As mentioned in the section on the cyber risk management process, there are four essential steps involved:
One of the biggest challenges is in the very first step: identification of the risks. Cybersecurity is a constantly evolving field, making risk identification a moving target. Nevertheless, a basic approach has evolved over time that all risk identification methodologies tend to follow:
In order to determine your cyber risk exposure, you need to first decide what your assets are. This is not as easy as it may seem: you can’t protect everything, so you need to identify the assets that must be protected, and their priorities.
A series of questions can help to clarify the situation:
That last question leads us into the CIA – no, not the Central Intelligence Agency (although they happen to care about such things, too), but rather the fundamental triangle of cybersecurity: Confidentiality, Integrity, and Availability.
The CIA triangle guides you in asking these fundamental security-related questions about your data assets:
The CIA triangle helps you to identify the assets you need to protect, by understanding the kind of damage that could occur if they are compromised. But: compromised by whom? Or what? That leads to the next topic.
Threat analysis involves the identification of potential sources of harm to the assets (information, data) that you need to protect.
The world is full of threats, and the boundaries between what constitute relevant “cyber threats” and other kinds of threats will always be unclear. For example, although hacking is clearly a cyber threat, environmental factors such as flooding and fire could also threaten your data. You will have to decide how relevant they are to your situation.
Business-related threats constitute an even grayer area regarding their relevance to cybersecurity. Equipment failure like broken disks could threaten your data. An emerging source of much preoccupation is supply-chain security: can you be sure that your suppliers are not delivering malware to you, intentionally or otherwise? Insider threats, e.g. from disgruntled or idealistic employees (or former employees) who decide to steal or publish your data constitute another growing cause for concern.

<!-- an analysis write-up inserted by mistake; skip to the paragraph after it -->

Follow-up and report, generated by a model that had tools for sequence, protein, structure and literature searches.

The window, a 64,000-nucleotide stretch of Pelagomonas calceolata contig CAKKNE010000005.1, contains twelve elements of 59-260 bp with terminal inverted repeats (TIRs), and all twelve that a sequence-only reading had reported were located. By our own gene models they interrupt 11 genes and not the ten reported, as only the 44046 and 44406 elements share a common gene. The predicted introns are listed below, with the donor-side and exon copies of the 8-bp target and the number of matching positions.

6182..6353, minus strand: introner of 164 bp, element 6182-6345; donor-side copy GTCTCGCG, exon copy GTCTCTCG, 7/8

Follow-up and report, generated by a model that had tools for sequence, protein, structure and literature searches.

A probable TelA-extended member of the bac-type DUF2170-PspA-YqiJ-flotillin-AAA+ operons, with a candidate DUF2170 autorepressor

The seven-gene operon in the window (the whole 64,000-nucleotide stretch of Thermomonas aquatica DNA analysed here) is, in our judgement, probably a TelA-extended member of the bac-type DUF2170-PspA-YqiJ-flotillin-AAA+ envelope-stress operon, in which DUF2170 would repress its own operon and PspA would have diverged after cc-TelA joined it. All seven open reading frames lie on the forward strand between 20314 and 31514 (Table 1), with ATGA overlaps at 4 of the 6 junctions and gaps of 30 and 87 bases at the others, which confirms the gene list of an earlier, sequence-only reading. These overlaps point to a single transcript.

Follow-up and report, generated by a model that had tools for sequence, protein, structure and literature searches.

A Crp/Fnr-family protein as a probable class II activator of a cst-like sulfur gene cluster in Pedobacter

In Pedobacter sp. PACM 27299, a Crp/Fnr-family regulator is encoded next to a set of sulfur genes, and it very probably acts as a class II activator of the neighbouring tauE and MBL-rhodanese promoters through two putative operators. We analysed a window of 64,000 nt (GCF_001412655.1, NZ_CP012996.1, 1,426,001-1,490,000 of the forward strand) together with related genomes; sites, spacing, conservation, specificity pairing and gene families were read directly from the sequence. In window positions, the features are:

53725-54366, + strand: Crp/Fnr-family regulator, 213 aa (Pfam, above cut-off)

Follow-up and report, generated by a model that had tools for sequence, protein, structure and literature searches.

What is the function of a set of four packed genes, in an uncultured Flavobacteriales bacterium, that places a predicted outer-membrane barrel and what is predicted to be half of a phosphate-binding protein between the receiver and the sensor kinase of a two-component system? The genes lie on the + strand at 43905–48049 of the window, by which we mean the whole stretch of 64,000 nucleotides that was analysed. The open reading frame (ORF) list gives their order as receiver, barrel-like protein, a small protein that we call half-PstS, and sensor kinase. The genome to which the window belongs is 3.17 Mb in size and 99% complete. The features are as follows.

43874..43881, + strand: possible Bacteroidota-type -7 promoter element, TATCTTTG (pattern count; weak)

Some of these types of threats may not always seem related to cybersecurity, but the connection can be subtle. As always, experience is the key to recognizing threats and correctly prioritizing them.
Even when threats are clearly related to cybersecurity, you will need to refine your identification of the threats. For example, hacking by a remote malicious user is obviously a cybersecurity threat. But what kind of hacking? A “denial of service” hack will block access to your data (making it unavailable). A ransomware attack will do the same (and make you pay in the process). A malware attack might install a program to read what you type and steal your confidential information. Here, too, the experience of professional analysts is key to successful identification.
Once threats have been identified, your next task is to identify weaknesses in your overall cybersecurity environment that could make you vulnerable to those threats.
It may not always be simple to identify weaknesses and their sources and remedies. For example, how might you be vulnerable to insider threats? Certainly, by firing or losing an employee who was in charge of sensitive data. But you might also be vulnerable because of insufficient employee cybersecurity awareness: perhaps your employees innocently choose weak passwords (recall that this is how the famous Enigma code was broken in World War II), or are not sufficiently aware of the dangers of opening attachments to electronic mail messages.
As mentioned at the beginning, identifying the cyber risk exposure of your organization is one of the biggest challenges in the overall risk management process. This has to do with the fact that cybersecurity is constantly evolving.
For this reason, it is essential to participate in a cybersecurity community where incidents and responses are continuously recorded and shared with others. This is the purpose of the many global and national initiatives to establish well-known centers of expertise and repositories to which organizations can refer for new information, and to which they can contribute their own experience. One example is the NIS Directive in Europe, which mandated the establishment of the Computer Security Incident Response Teams (CSIRTs) in the Member States. These CSIRTs help organizations to become aware of new threats as they appear, and to take appropriate steps. That is only one example of the many initiatives and centers available to you, and one mission of cyberwatching.eu is to inform you about the overall landscape of cyber information sources.
In summary, it is difficult to go it alone in the identification of the cyber risks facing you. But you don’t have to – and should not – go it alone. The cyber risk landscape has become too complex to manage alone; it can only be done within a community. And you need the benefit of the experience of others to be able to identify your assets in need of protection; to identify the many, ever-changing ways in which they could be threatened; and to become aware of the vulnerabilities of your organization to those threats.